Make Time to Reflect on Leadership Qualities for Small Business Results

Just over 5 years ago, Dr. Sunnie Giles shared her thoughts on leadership competencies via her HBR article, The Most Important Leadership Competencies, According to Leaders Around the World. Since most businesses are moving from defense to offense, I thought her article’s content was worth revisiting as we reopen our offices, return to water coolers and re-engage our customers and clients in person.

As a SMB owner, pay close attention to her 5 themes and scorecard your company. Consider doing a 360, and then have your leadership team do as well. 

Coming out of the dark side of Covid-19 and being remote for 15 months, it’s time to assess how aligned is your team today as we look around the corner and be the best we can be.

The qualities of an effective leader

What makes an effective leader? The study led by Ms. Giles grouped the responses of 196 global leaders into categories with these 5 characteristics rising to the top. 

  • Ethics and safety
  • Self organizing
  • Efficient learning
  • Nurtures growth
  • Connection and belonging

“Taken together, these attributes are all about creating a safe and trusting environment.”


What are the qualities you and your leadership team possess that will foster a trusting environment where all employees feel safe?  

As Giles highlights, your personal ethics are your north star, and it’s important to revisit these regularly. My members and I find these topics rise up in our discussions at least once a year. 

We explore questions like, 

  • How should I hold my employees more accountable?
  • How can I improve effective and time sensitive inter-department communication?

Your role as a leader is to ensure there is no feeling of fear. The team can lose their productivity and focus if they are worried about letting people down, or worse.

Giles calls it “Clearing the air”, others may see it as part of their “open door” culture. It’s important to outwardly and explicitly communicate to all team members how your culture addresses problems and learns from mistakes. Then facilitate and invite the openness that will create a sense of security. 

CEOs and the challenge of relinquishing power

It’s probably the most common personal challenge I have seen among business owners in my 15 years as a Vistage Chair and CEO coach. Delegating. Letting go. Sharing the responsibilities. Trusting the leadership team. All of it is part of the internal power struggle.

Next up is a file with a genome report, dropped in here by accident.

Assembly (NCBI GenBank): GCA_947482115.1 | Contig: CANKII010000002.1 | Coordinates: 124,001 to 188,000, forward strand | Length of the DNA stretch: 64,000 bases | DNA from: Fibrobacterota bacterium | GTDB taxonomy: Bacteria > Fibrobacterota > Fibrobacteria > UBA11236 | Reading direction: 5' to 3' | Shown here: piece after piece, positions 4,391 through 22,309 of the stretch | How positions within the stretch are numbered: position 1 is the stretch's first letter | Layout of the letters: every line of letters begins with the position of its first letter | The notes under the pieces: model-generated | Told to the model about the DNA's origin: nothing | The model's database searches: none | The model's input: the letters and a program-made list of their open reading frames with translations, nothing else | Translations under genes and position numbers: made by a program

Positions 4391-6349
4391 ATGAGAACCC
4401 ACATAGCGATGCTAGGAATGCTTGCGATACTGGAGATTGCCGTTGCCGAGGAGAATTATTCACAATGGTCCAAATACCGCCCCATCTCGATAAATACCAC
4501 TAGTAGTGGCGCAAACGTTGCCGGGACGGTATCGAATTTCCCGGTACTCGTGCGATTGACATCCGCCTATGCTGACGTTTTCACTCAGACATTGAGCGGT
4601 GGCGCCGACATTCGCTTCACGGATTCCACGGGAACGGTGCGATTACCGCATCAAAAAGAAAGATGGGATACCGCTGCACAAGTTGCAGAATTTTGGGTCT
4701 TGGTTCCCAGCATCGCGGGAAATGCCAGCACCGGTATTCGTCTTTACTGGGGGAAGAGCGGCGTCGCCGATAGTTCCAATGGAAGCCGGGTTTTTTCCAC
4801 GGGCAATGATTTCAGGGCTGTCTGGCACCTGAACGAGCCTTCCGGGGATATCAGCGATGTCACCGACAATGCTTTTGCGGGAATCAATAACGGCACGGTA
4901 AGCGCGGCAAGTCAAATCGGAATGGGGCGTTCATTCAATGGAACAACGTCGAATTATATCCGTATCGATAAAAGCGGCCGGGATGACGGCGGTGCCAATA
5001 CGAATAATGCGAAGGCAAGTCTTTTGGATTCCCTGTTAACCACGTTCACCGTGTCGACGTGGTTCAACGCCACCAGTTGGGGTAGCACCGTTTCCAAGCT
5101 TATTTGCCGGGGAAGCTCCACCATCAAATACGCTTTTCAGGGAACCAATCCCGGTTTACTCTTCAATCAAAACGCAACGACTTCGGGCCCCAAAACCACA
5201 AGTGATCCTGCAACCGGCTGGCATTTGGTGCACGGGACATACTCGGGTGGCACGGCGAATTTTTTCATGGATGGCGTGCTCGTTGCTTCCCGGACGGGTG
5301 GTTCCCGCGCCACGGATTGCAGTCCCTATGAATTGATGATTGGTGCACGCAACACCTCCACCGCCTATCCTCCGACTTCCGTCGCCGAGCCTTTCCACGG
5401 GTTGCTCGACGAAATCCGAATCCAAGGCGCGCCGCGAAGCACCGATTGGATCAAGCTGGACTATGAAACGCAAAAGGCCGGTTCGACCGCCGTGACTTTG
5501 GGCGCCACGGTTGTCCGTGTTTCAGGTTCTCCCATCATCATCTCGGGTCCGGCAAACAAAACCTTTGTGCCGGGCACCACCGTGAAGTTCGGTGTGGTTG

Good news is there is a scientific explanation for why leaders fear letting go of control. It is linked to the fight or flight response we all have built into our brains. Giles suggests there are ways to retrain this response to be more relaxed to help leaders empower others, and embrace delegating responsibilities. 

“To overcome the fear of relinquishing power, start by increasing awareness of physical tension that arises when you feel your position is being challenged.”


Leaders get stymied in their ability to grow, and then they wonder why their leadership team isn’t doing more. It tends to link back to some level of not being able to let go of control.

In our meetings, we explore these feelings and the specific situations where they arise, and it normally can be resolved through openness and communicating with your leadership team. As Giles suggests, putting the biggest fear out in the open – of you not having control – empowers your leadership team to know exactly how to act to earn your trust and demonstrate their competencies. 

It’s very difficult to grow year-over-year if you are focused on “in” the business vs. “on” the business. Is most of your time in the weeds or looking around the corner out there 6, 12 or 18 months?

Creating connections, nurturing growth

In my experience, the ability to connect with people is what makes a great sales person, and can lead to what makes a great leader as well. Think about it — How do people make you feel valued?